a great public debate about British universities is now in full swing. Since the immediate post-war crush, the expansion of student numbers has gone ahead steadily, and even further growth is now required. The Government has accepted from the UGC a target figure of 170,000 places by the late 1970s. The Young Conservatives, not to be out-done, call for 250,000 places. From all sides—the professions, business, and industry in particular—there is a great demand for more graduates, particularly in the sciences.

In face of this pressure, the universities will find it hard to resist rapid growth. In addition to the expansion of those already in existence, several new universities will appear within the next few years, to join Keele in proving that the urge for reform can combine with the urge for growth. Yet there are many misgivings about the pace and character of this growth, most bluntly and crudely summed up in Kingsley Amis’ formula, “More means worse”. One need not accept his pessimism, while yet requiring answers to such questions as: Can the teachers be found? Will the additional number of students benefit from the traditional forms of university teaching? What will happen to research? Will the demand for scientists upset the humanities? and so on.

A recently translated book by the German philosopher and teacher Karl Jaspers helps to relate these problems to each other by offering a coherent series of answers to the question: What is a university for? Jaspers’ answer, basically, is the traditional one of three-fold purpose—Research, Education and Instruction. He sets this against the background of the Intellectual Life. Most of his views about universities depend upon the picture he draws of the search for knowledge, and what he has to say about this leads him to define the objectives of the university in similar terms—the assumption of truthfulness; the unity of knowledge; the value of knowledge for its own sake.

Most of this is unexceptionable (if a little vague at times); we can be grateful for the insistence on the unity of the universe of knowledge, while slightly alarmed by his tendency to ignore the effect of utter dissimilarities in procedure adopted by the different sciences. For the urgent need is to probe the assumptions within each science before eluding to those held in common. The slogan of “Knowledge for its own sake” conceals the pressures acting upon the university from without, which lead it to develop research in particular directions (and not others).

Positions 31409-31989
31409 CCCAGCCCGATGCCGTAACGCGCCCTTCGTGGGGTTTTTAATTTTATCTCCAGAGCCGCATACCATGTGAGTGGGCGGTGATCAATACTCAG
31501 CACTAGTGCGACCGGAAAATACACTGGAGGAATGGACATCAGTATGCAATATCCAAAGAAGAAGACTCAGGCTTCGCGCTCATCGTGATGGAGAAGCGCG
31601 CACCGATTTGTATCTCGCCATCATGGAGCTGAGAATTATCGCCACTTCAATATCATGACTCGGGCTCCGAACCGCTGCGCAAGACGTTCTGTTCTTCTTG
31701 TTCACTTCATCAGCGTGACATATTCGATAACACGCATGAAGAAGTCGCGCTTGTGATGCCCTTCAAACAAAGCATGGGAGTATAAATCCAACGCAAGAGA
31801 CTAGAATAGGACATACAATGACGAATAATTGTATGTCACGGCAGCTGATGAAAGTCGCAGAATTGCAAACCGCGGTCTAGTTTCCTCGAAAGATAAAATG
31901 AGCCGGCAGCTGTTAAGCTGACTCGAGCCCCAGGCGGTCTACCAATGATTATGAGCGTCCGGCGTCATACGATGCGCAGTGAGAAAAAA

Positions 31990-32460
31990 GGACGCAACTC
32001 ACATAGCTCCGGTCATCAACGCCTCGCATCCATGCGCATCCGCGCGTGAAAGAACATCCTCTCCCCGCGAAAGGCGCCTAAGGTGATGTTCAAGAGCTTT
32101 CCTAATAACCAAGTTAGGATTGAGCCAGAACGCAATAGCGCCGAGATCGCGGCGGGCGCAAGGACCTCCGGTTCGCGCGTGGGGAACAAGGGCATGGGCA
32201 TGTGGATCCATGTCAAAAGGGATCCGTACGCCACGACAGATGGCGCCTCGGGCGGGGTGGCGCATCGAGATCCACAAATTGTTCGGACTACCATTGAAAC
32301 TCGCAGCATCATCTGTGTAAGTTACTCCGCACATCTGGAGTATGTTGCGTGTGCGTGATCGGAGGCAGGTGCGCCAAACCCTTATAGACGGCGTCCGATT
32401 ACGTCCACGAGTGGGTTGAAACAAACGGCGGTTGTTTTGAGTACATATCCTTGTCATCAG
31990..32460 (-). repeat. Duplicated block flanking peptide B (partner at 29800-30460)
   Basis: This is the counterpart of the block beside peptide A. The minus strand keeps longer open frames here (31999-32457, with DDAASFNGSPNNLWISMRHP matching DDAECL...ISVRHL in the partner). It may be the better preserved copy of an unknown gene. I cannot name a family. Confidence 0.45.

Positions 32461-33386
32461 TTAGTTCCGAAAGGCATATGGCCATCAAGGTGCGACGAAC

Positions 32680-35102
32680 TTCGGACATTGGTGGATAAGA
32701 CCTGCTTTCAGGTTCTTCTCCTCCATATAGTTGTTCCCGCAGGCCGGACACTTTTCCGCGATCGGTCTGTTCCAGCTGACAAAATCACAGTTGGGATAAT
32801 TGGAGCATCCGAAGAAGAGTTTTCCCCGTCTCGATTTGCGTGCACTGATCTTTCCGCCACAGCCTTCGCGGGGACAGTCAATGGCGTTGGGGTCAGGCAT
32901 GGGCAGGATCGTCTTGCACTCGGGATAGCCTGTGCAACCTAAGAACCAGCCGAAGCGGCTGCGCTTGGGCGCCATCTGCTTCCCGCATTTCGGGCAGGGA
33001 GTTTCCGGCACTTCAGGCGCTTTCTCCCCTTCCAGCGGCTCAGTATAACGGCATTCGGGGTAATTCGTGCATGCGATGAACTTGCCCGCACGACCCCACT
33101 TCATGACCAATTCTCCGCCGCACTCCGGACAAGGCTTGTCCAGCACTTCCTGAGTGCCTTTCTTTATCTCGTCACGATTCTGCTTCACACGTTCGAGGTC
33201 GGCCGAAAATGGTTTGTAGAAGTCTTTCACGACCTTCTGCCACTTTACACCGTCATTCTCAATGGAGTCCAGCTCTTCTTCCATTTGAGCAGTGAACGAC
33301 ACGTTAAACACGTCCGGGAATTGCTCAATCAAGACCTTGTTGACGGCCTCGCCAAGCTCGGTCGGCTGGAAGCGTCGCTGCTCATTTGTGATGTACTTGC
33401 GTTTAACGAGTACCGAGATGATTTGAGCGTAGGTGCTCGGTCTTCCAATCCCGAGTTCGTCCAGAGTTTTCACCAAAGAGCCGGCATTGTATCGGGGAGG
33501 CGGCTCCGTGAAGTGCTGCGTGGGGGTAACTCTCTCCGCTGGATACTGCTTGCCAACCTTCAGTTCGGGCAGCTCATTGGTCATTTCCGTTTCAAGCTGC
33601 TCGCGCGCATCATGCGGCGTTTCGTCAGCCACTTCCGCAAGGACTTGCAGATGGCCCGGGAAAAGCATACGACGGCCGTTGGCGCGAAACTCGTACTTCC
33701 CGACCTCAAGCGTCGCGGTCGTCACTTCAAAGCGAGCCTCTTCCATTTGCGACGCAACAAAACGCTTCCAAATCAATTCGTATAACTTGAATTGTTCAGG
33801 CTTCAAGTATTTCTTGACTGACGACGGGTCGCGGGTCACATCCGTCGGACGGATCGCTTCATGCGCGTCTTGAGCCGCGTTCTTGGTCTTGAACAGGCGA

Jasper points to the multiplication of technical institutes outside the university as evidence that the framework is no longer adequate. Nevertheless, in spite of their natural tendency to expand into universities, within these, “even the presence of outstanding scholars in the humanities has not been able to produce anything more than an empty educational routine bereft of the vitality and strength which comes only with creative scholarship”. Jasper’s solution to this problem is the inclusion of technology as a field of basic study within the university.

This may seem to be a plea directed to the original German audience, to which British readers need pay little heed. Technology in various forms has already taken its place within the framework of British universities. But from the more restricted area of German university life, Jaspers is looking directly at the problem we have come to call that of the Two Cultures. He suggests tentatively that, “perhaps the best interests of the intellectual life, as well as of technology, are served by making the university their mutual meeting-place”. He says, finely, “The university’s main task would be to create a truly comprehensive awareness of our age in terms of the sum totals of knowledge and practical skills of which the integration of the technical faculty is only one aspect”.

When he turns to consider the university as an institution, Jaspers indicates the ways in which he thinks it has failed to live up to his previously defined Idea. He admits at the outset that, “The very translation of thought into teachable form tends to impoverish its intellectual vitality”. What he is concerned about is the tendency of scholars to institutionalise knowledge and thereby divide it up into “subjects”. He knows that “an excellent scholar may not be able to find a place for himself within the established departmental divisions” (a good art historian, for example, will have the greatest difficulty in finding a job in Great Britain). He also gives a fairly complete list of the various types of log-rolling to be found inside universities, noting shrewdly that unlimited freedom of research often tends to enclose the specialist in his field instead of encouraging him to communicate “The conduct of faculty members has been compared with that of monkeys on the palm trees of the holy grove at Benares: on every palm tree sits a monkey, all seem to be very peaceful and minding their own business. But the moment one monkey tries to climb up the plam tree of another monkey he runs into a heavy barrage of coconuts”. Jaspers pins down the debilitating aspect of overspecialisation when he says, “Communication, which ought to be an intellectual battle for clarity and substance, becomes a purely outward relationship”. Nevertheless, he insists, the university as a community of scholars ensures that the work of the individual scholar will not be wasted. Hence his praise for “the idea of the university”. But, “in many cases, what is creative comes into being outside the university, is at first rejected by the university”; and Jaspers lists some of the damning examples, from Renaissance humanism onwards.